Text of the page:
Reasons why I’m grateful for the best gift I’ve ever been given

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This week in the Year of Gratitude challenge the task is to talk about something someone gave me. I tried to find something heartfelt and sentimental that’s been in my possession since I was a child, Perhaps a handmade blanket or a worn out old teddy bear?

I couldn’t think of anything quite as beautiful as that because my most coveted gift is something incredibly materialistic and expensive. Don’t judge me. My MacBook Air is by far the best gift I’ve ever received.

My husband treated me to this just before Christmas after I started to become a bit obsessed with blogging everyday. It means I can do freelance work as the drop of a hat and also do my own writing, photo editing and blog images on the go wherever I am.

It comes with me everywhere

I long for the extended train journey back to Scotland where I can take out my laptop and get stuck into some writing. I often take it to work with me so that I can stop off at a cafe on the way home and do some work. It also means I can do work when I’m visiting in Scotland and really utilise any spare time I have.

It’s so fast

I’ve never had a laptop – or any device really – that turns on with the push of a button. Like, INSTANTLY. It means I can do those little five-minute blog related admin tasks like scheduling tweets, updating links or correcting spelling mistakes without needing an additional ten minutes to load up the computer.

It makes blogging easier

The portability and speed of my laptop are two of the main reasons that blogging has become so easy for me. I can also access all the photos on my phone, use the free software – like Pages – without having to purchase Microsoft Word and use iMovie to edit when I start creating video content. I’ve not always been an Apple fangirl but I must say, I’m absolutely obsessed!

Would it be exaggerating to say that this one gift has changed my life?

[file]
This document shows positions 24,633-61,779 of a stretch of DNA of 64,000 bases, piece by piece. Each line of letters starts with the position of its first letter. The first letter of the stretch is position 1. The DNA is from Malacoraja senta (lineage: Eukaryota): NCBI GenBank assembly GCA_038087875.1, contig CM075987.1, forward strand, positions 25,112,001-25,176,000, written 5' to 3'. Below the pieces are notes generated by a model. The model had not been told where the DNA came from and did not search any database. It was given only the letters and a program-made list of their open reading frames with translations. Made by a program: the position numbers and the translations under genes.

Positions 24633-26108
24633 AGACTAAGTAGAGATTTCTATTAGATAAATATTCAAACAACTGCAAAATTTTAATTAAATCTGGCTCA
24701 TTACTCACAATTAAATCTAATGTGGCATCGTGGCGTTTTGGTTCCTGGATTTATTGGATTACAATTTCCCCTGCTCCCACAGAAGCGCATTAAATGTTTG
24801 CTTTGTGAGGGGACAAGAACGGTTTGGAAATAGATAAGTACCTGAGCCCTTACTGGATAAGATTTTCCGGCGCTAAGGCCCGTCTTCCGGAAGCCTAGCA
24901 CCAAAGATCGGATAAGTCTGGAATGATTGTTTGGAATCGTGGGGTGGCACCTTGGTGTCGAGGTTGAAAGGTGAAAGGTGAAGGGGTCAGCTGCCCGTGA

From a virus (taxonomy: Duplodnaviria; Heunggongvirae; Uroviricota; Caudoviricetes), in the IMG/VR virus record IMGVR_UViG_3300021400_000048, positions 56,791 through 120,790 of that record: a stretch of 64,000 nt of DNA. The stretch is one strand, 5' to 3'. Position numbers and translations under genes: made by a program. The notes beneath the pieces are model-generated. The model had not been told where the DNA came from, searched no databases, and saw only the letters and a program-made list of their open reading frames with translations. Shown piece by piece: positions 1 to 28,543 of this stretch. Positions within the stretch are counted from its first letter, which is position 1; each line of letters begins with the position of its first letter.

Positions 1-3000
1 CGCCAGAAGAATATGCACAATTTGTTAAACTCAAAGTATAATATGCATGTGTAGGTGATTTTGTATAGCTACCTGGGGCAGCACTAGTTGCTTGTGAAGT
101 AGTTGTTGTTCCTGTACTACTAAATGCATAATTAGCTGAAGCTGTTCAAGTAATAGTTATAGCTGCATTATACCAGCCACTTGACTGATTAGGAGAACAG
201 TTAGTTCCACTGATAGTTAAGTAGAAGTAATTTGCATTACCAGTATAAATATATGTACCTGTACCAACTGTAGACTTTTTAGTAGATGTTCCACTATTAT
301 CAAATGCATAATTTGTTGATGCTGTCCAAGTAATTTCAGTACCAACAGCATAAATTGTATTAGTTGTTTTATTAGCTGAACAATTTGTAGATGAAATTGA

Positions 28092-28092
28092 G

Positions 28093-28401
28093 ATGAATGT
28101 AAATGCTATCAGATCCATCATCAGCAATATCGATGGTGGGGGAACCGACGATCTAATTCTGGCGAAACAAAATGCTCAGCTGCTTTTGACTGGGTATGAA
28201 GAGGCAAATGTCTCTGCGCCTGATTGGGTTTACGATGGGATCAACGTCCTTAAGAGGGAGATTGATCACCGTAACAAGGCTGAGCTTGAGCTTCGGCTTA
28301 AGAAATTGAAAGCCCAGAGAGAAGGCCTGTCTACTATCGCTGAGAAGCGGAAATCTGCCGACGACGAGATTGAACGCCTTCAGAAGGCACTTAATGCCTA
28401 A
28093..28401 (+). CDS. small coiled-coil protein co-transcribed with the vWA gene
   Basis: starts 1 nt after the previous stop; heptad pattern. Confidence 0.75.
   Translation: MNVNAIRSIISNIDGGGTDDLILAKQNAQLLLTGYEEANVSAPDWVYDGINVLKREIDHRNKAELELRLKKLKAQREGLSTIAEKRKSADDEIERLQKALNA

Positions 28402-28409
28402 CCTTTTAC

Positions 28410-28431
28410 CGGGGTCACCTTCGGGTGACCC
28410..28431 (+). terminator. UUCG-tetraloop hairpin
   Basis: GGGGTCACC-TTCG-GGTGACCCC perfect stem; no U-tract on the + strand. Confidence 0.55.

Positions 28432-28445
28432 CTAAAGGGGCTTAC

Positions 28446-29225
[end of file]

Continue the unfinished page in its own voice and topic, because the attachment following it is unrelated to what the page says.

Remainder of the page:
10 awesome ways to improve your social media

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If you follow me on Snapchat you’ll already know about this exciting blog post I’ve been working on! I spent the whole day on Monday at Social Day where I was treated to a wonderful array of speakers who all specialise in social media. As you can imagine there was a lot of Twitter talk, marketing mantras and Facebook philosophies. There was a hell of a lot of information on offer too. There were 12 speakers in total so it was really good value for money and would highly recommend catching an event in your area. But now for the good stuff; I’ve skimmed through my notes and I’m going to share some of the best tips I learned from the day

1. Create video

This was the most prevalent but also the most daunting tip from the day. I love watching girls on You Tube who chat away to the camera whilst doing their make up, but the thought of doing something similar just seems terrifying. What if no one watches? What if I have nothing to say? The indisputable truth is that video is our preferred way to receive information online so if you haven’t considered dabbling then you need to think about it. It’s what people want. Chances are if you have a following on Twitter and Instagram then people are generally interested in what you have to say, so just go for it. The experts recommended Periscope, but I’ve been using Snapchat to begin with as it’s broken into short chunks which seems more

2. Be kind

This might seem like a strange tip if you’re aim is to grow your business and make more money, but being ruthless on social media is a big mistake. One speaker gave a great example about how she went out of her way to help a client, and months later was offered to use her holiday home as a way of saying thank you. Although this was obviously a friendly gesture, you never know when a person online with specific skills might come in handy and save your bacon when it comes to your business.